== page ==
September 11, 2016
Keefe Jackson/Jason Adasiewicz
Rows and Rows
Delmark DE 5024
Like a spectacle featuring a monkey and a crab, collaboration between a reedist and a vibraphonist may seem aberrant. The woodwind’s multiplicity of keys puts more textures and tone on display in quicker time than the vibist’s strategy that depends on mallet pressure and motor speed. Despite that, there have been some memorable meetings in the past: John Coltrane and Milt Jackson, Sonny Rollins with the Modern Jazz Quartet and Stan Getz and Cal Tjader. Yet each of those instances had conventional rhythm section backing.
Tenor saxophonist and bass clarinetist Keefe Jackson and vibraphonist Jason Adasiewicz, two young veterans of the Chicago scene, try something different here. Rows and Rows is a duo disc, with the two as alone as England is after Brexit. The results are mixed. While there are instances of poetry-like expressiveness from each, the see-saw balancing that evolves during the nine selections creates a sonic circumference they often can’t breech.
With the two operating like racing car drivers who must know just how far to push their engines to avoid spinning out of control, Jackson and Adasiewicz complete every road trip with timbral affiliations that keep the music grounded. Tracks can be hard and heavily vibrated such as “Questioned, Understood, Possessed”; understated, airy and with swinging free-form runs as on “Swap”, which alternates reed trills and irregular metal vibrations; or near-atonal as “Thunder Cooker”, where mid-range baritone sax bites leap to altissimo.
Unison explorations are also on the agenda, with a tune such as “Where's Mine” finding the two improvising like conjoined twins. Metal bar clangs and a luster in the bass clarinet tone contribute to a mellow dance-like motion kept contemporary with off-centre chalumeau slurs from Jackson. The two also know their history. In the slow-paced but not crawling tempo of “A Rose Heading”, one can sense a kinship to the Duke Ellington’s “The Single Petal of a Rose,” complete with vibe echoes that sound like orchestral bell pealing. “Canon from the Nothing Suite” is an off-handed bow to the MJQ’s mastery of such contrapuntal compositions. While the theme is gentlemanly and finally recapped, Adasiewicz’s hard and heavy smacks are more shirt-sleeved, hair-on-your-chest rugged than Milt Jackson demonstrated with the MJQ, while Keefe Jackson’s whistling snorts are more than even Rollins or Jimmy Giuffre would have attempted when paired with MJQ pianist and musical director John Lewis.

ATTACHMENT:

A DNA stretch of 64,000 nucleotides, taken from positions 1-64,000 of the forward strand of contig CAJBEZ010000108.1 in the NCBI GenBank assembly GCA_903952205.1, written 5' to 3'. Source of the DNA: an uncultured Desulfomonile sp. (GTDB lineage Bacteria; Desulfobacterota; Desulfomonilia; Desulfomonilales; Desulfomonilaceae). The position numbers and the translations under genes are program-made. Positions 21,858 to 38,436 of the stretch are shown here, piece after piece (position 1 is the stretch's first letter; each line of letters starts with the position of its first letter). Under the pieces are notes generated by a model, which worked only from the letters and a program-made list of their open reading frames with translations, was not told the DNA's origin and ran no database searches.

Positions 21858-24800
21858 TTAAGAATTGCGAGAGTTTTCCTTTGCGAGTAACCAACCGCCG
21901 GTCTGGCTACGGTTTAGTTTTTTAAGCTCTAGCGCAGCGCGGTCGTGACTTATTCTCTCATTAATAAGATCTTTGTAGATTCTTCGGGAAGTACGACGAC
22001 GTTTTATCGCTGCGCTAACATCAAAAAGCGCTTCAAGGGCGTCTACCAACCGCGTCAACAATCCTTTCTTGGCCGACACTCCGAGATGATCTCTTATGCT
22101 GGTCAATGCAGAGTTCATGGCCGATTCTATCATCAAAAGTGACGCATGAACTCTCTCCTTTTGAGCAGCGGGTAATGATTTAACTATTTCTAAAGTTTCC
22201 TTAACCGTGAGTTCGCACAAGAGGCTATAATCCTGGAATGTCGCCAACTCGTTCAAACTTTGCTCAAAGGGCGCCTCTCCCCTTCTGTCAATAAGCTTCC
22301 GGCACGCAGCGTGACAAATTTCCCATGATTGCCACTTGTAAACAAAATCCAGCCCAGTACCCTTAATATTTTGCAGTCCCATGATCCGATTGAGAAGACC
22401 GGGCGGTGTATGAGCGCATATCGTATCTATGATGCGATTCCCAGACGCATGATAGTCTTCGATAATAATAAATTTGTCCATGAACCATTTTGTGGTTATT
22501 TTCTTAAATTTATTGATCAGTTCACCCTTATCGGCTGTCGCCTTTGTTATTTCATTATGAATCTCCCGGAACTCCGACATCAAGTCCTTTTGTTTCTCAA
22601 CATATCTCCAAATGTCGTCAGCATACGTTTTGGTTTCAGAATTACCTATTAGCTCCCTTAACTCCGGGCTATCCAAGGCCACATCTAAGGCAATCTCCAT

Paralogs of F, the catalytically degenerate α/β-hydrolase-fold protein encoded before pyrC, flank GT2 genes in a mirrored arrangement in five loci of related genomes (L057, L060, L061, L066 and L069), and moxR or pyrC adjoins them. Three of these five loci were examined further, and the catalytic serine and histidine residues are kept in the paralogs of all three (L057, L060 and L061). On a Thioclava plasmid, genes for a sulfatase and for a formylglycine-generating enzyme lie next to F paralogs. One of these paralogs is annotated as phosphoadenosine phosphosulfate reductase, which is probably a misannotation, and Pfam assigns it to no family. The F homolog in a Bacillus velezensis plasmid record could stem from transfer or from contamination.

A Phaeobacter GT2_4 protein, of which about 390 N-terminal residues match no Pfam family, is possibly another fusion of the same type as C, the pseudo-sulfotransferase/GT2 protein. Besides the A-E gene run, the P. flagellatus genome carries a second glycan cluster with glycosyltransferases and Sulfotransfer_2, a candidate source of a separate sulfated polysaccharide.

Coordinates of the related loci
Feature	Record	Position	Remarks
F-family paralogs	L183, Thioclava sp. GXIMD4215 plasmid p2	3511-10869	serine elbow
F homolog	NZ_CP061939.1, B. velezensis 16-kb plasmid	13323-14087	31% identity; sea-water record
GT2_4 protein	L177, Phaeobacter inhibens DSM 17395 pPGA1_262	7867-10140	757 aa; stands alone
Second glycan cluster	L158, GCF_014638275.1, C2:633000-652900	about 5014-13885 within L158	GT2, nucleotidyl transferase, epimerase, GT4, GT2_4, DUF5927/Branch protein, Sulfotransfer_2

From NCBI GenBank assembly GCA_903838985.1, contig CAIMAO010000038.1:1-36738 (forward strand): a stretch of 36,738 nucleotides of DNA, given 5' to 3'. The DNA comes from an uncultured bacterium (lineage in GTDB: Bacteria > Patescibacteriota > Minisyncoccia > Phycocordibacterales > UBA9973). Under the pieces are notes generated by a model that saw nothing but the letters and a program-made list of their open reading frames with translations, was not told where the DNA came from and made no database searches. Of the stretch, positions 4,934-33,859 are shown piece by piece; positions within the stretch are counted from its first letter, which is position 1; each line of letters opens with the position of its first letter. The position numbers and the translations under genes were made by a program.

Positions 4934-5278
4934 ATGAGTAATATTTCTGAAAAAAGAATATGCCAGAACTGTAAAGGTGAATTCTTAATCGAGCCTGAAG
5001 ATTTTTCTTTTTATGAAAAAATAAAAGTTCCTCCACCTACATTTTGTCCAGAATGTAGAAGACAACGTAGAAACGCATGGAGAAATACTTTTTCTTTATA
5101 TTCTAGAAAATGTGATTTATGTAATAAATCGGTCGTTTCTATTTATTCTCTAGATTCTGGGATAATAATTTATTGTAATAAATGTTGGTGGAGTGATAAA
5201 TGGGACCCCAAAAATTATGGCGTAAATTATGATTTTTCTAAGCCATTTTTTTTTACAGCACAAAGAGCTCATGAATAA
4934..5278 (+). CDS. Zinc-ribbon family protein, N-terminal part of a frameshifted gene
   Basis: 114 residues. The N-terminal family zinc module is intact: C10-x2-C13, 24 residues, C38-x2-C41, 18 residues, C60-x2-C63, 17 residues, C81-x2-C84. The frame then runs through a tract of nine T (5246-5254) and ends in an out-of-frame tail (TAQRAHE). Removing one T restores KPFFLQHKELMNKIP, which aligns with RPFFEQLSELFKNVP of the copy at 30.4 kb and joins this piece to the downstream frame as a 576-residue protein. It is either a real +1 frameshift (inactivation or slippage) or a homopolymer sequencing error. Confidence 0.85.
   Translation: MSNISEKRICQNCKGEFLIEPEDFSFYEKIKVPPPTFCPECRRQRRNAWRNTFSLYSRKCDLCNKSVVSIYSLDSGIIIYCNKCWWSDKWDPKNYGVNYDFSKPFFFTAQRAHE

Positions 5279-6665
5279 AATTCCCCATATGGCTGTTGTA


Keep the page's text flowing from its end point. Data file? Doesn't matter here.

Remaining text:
Drawbacks aside, this CD provides proof that improvisers with conviction and objectives can produce a notable disc, no matter the instrumentation.
Track Listing: 1. Cabollo Ballo 2. Questioned, Understood, Possessed 3. Where's Mine 4. A Rose Heading 5. Swap 6. Rows and Rows 7. Putting It On, Taking It Off 8. Cannon from the Nothing Suite 9. Thunder Cooker
Personnel: Keefe Jackson (tenor saxophone and bass clarinet) and Jason Adasiewicz (vibraphone)